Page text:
Pianist/composer/improviser Ran Blake, who celebrates his 80th birthday on April 20, and trombonist Aaron Hartley celebrate their 10th year in coproduction of New England Conservatory's famed Film Noir series with "Gaslighting," a tantalizing mélange of scenes from Patrick Hamilton's original screenplay, Gaslight (also known as Angel Street, 1938), Gaslight (1940, directed by Thorold Dickinson) and Gaslight (1944, directed by George Cukor).

Tues April 14

FDA’s Impact on Pharmaceutical Innovation: A lecture by Neil Flanzraich

12 PM / Free / Harvard School of Public Health / Griswold Hall 110 / 1525 Mass Ave.

Please join us for a lecture by Neil Flanzraich, Chairman and CEO of Cantex Pharmaceuticals, Inc., discussing the balance between speed and safety in FDA’s regulation of pharmaceutical products.  Topics will include how FDA’s approach has ebbed and flowed over time, the various tools FDA has introduced to reach this balance, and the potential impact of FDA’s various approaches on products and companies, especially start-ups.  Neil Flanzraich graduated from Harvard Law School in 1968 and was appointed by Dean Martha Minow as an Expert in Residence at the Harvard Innovation Lab (i-lab) in fall 2012.

Colloquium: “Tell us What to do”: Developing Ecosystem Service Science

4 PM / Free / Northeastern University / Marine Science Center / MSC Bunker Lecture Hall

Join us for our regular colloquium series, this time with guest Dr. Katie Arkema, of the Natural Capital Project. Dr. Arkema, is a guest of MES Graduate Students.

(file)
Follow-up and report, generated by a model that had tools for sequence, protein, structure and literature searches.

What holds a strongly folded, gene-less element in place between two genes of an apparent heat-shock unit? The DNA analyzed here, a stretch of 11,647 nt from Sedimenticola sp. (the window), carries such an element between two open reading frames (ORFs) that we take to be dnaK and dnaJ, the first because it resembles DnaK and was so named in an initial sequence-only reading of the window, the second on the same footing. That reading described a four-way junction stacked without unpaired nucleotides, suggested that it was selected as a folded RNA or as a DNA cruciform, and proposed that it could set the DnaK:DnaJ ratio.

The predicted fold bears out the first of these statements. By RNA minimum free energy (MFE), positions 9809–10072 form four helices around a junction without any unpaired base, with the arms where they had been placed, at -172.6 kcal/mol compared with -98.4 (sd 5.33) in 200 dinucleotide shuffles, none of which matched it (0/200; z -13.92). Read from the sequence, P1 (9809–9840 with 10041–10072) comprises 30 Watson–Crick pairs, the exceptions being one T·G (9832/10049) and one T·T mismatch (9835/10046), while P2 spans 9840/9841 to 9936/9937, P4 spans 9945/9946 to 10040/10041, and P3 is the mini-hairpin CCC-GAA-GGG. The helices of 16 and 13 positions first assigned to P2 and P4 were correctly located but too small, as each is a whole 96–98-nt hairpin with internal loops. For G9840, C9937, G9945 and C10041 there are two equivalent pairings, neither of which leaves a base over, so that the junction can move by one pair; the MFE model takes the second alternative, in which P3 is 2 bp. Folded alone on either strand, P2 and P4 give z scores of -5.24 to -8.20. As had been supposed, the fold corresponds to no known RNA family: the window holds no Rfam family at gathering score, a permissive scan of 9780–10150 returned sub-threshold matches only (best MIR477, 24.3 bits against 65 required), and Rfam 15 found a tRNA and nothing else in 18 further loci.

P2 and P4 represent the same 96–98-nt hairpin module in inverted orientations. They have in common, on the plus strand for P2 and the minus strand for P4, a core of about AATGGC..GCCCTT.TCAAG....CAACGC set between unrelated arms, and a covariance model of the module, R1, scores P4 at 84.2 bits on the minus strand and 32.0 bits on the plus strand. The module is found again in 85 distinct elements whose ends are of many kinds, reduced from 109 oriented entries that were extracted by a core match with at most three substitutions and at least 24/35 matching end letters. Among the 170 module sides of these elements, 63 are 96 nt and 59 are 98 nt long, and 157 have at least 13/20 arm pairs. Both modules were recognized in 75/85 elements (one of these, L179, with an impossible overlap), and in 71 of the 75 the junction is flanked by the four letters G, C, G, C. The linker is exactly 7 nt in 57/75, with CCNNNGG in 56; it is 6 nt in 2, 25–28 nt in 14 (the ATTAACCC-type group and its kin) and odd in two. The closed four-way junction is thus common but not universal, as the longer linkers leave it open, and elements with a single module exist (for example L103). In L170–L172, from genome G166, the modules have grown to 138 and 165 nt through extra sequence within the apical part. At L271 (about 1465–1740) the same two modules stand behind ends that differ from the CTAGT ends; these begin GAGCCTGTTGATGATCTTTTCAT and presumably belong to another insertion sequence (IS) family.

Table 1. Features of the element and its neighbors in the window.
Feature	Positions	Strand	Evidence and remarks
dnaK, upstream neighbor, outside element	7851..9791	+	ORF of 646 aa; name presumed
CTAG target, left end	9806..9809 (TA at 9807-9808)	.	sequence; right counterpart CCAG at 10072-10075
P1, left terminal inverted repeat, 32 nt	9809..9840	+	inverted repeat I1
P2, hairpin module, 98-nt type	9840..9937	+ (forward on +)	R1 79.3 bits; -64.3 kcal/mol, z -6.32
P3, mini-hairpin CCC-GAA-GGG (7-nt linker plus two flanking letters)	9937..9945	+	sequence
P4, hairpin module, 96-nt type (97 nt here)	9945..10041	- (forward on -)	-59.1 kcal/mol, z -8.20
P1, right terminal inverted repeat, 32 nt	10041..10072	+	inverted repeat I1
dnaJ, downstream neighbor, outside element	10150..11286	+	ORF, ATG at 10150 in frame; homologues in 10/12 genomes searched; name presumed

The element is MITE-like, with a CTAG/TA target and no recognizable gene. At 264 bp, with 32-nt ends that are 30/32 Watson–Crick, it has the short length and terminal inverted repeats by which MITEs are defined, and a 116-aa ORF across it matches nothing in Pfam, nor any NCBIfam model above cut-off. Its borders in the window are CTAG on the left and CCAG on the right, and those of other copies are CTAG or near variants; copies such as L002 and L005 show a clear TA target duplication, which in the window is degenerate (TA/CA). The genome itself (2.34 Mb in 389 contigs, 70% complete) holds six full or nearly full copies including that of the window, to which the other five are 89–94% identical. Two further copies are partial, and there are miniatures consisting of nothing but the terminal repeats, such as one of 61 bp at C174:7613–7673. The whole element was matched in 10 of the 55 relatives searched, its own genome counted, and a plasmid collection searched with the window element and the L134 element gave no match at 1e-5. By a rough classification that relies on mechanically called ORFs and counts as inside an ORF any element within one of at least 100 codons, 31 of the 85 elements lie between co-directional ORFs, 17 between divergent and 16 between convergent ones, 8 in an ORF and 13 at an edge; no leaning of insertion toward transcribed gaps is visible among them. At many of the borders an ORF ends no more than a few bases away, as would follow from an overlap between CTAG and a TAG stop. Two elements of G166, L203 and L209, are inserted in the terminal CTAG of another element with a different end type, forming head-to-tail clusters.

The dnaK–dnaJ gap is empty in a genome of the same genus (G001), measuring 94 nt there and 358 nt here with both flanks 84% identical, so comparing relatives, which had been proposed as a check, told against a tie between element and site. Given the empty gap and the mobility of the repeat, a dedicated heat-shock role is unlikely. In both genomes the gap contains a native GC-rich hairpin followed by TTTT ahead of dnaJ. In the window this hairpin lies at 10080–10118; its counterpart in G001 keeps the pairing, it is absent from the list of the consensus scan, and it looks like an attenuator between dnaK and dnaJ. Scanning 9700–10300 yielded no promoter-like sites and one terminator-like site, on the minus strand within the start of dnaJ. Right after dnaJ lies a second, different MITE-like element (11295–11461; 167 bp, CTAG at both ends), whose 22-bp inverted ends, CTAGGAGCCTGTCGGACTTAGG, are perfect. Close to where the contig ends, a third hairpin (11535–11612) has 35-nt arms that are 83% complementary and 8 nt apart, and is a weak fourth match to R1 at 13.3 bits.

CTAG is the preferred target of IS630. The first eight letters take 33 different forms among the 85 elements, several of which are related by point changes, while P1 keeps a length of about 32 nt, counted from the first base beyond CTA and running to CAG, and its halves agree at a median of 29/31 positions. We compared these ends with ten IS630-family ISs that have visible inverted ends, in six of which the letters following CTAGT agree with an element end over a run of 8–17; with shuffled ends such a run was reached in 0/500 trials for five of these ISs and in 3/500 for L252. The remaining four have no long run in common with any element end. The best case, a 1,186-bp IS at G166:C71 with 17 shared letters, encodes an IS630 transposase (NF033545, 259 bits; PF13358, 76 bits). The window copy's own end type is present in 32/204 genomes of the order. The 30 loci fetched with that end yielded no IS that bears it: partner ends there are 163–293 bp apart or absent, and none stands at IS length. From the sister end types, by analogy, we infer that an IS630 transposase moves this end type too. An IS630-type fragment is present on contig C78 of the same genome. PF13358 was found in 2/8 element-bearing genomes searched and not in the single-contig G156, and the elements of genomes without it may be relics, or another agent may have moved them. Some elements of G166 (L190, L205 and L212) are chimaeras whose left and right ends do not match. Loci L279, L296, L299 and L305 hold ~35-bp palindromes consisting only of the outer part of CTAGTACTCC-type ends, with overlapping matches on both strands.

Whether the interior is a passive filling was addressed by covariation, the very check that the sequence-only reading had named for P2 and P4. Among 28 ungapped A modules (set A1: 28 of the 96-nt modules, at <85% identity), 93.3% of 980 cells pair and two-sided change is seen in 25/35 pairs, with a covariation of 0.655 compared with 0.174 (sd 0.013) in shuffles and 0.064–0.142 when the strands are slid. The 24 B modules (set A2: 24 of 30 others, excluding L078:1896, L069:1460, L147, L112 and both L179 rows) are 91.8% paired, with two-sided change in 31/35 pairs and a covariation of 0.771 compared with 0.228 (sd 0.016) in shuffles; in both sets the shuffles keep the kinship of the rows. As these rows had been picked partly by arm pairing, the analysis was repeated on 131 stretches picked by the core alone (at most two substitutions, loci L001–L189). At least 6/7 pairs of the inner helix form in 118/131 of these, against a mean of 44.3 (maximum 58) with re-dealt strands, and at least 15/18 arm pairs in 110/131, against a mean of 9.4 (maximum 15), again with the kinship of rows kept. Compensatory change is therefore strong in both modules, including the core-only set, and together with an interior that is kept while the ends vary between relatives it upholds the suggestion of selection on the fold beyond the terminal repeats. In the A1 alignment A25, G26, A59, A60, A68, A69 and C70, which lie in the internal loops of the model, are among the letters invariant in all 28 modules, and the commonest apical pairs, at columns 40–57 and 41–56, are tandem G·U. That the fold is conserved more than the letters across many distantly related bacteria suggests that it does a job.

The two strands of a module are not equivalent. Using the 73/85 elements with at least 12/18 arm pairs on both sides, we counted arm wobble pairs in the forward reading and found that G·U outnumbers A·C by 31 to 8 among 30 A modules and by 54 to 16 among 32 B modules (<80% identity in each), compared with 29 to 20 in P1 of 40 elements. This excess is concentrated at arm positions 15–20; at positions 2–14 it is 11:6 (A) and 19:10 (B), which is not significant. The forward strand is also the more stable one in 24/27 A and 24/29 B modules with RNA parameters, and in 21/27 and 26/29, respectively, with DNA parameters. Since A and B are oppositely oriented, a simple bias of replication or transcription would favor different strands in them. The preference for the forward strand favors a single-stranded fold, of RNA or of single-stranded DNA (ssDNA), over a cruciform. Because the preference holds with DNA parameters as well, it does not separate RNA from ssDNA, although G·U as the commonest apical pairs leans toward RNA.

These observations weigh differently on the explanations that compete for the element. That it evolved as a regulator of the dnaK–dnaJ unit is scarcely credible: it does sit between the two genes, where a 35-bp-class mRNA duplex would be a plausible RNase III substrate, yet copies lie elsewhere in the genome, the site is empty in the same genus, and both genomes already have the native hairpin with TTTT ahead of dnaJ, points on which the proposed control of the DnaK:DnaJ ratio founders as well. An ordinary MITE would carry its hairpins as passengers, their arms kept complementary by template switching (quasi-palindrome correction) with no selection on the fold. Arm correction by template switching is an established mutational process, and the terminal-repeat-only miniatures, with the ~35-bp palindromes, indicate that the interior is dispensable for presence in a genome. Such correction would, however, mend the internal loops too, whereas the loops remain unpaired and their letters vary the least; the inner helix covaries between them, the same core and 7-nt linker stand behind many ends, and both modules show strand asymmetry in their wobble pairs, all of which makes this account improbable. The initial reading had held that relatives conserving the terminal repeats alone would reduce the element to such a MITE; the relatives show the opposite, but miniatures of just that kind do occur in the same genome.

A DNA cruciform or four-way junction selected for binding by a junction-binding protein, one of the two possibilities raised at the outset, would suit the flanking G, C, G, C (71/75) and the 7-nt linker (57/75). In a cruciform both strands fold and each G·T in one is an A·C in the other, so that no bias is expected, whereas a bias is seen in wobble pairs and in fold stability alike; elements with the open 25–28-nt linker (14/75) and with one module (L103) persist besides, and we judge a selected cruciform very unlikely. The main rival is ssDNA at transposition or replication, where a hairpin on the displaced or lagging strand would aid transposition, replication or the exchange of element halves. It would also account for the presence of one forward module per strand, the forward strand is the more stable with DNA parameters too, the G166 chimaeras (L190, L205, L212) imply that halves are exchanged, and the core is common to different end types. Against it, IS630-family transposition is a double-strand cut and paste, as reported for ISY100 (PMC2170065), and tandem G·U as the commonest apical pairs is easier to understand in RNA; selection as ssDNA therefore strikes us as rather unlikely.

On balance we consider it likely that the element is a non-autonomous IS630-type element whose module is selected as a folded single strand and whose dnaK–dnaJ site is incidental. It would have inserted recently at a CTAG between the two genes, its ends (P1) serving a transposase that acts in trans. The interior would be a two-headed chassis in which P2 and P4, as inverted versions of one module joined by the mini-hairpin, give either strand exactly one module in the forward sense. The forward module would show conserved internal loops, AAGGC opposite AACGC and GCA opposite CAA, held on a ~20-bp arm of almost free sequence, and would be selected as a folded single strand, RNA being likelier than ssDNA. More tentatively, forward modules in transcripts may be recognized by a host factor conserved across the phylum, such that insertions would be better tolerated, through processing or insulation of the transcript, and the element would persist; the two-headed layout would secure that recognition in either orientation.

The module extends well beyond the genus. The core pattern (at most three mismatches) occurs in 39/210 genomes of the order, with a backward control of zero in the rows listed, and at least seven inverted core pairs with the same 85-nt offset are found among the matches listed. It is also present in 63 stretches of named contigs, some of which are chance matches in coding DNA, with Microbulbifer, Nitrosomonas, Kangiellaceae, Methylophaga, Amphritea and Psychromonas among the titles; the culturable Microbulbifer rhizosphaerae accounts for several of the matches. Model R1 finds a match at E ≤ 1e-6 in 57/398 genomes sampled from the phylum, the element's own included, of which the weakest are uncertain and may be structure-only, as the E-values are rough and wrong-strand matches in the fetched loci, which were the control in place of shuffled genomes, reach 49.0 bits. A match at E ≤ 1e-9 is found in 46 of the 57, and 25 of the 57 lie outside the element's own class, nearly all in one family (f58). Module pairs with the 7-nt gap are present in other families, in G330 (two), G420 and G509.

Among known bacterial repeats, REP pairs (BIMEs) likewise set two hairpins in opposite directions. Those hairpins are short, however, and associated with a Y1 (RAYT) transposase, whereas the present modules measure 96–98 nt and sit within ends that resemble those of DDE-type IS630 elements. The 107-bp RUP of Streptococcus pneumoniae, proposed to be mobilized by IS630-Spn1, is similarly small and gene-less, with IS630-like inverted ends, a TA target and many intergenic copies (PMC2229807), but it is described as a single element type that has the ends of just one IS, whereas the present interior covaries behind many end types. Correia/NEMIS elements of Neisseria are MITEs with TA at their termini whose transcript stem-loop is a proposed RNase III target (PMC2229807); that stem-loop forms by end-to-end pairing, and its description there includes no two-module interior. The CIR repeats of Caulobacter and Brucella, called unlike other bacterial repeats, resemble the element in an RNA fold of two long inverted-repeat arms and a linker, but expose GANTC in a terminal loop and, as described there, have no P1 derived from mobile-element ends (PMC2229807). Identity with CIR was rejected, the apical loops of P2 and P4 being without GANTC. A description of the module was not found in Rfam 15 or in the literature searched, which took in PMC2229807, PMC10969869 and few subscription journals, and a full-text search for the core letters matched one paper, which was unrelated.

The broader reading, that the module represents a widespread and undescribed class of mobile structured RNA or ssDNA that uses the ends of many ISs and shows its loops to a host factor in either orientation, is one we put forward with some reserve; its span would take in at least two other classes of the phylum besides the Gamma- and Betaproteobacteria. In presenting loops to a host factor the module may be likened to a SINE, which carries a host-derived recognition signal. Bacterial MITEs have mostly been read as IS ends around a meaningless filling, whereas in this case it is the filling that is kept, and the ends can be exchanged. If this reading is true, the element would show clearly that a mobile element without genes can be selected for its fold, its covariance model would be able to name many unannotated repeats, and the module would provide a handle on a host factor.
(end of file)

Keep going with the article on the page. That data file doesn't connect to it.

Legacy Pollution Issues in Energy Development: The Cases of Manufactured Gas and Natural Gas

5:15 PM - 7:15 PM / Must RSVP / Massachusetts Historical Society

Joel Tarr, Carnegie Mellon University: Patrick Malone, Brown University. This paper will present two case studies concerning the environmental impacts of past energy transitions and their legacy. The cases will focus upon the manufactured gas industry with Massachusetts examples and conventional natural gas development in western Pennsylvania.

BITR: Berklee in the Round

7 PM / Free / Berklee College of Music / Cafe 939

Berklee in the Round (BITR) is a concert that occurs on the second Tuesday of every month.

Wed April 15

Honky Tonk Dance Workship

10 AM / Free / New England Conservatory of Music / Saint Botolph Building: Room G14

Learn the basics of Honky Tonk dance in a fun and relaxed environment.  This workshop is hosted by NEC's Contemporary Improvisation Department. Website.

The Urban World of the Early Modern British Caribbean

12 PM / Free / Massachusetts Historical Society

This project examines the history of the early modern British Caribbean through its cities and urban residents. By analyzing the founding, development, and integration of the Caribbean's port cities as well as the enterprises of its urban residents, Draper demonstrates that the townscapes of these cities were the stages on which colonists adapted to the harsh environs of the West Indies. There, residents, visitors, and officials created artificial land, fortified settlements, forged extensive hinterlands, and fostered communication networks. By doing so, they helped transform the Caribbean into the most profitable region in early modern British America. Website.

Forum Featuring John Patitucci and Alan Pasqua

4 PM / Free / Berklee College of Music / Zero Gravity Room

This Berklee Global Jazz Institute forum features John Patitucci and Alan Pasqua. Website.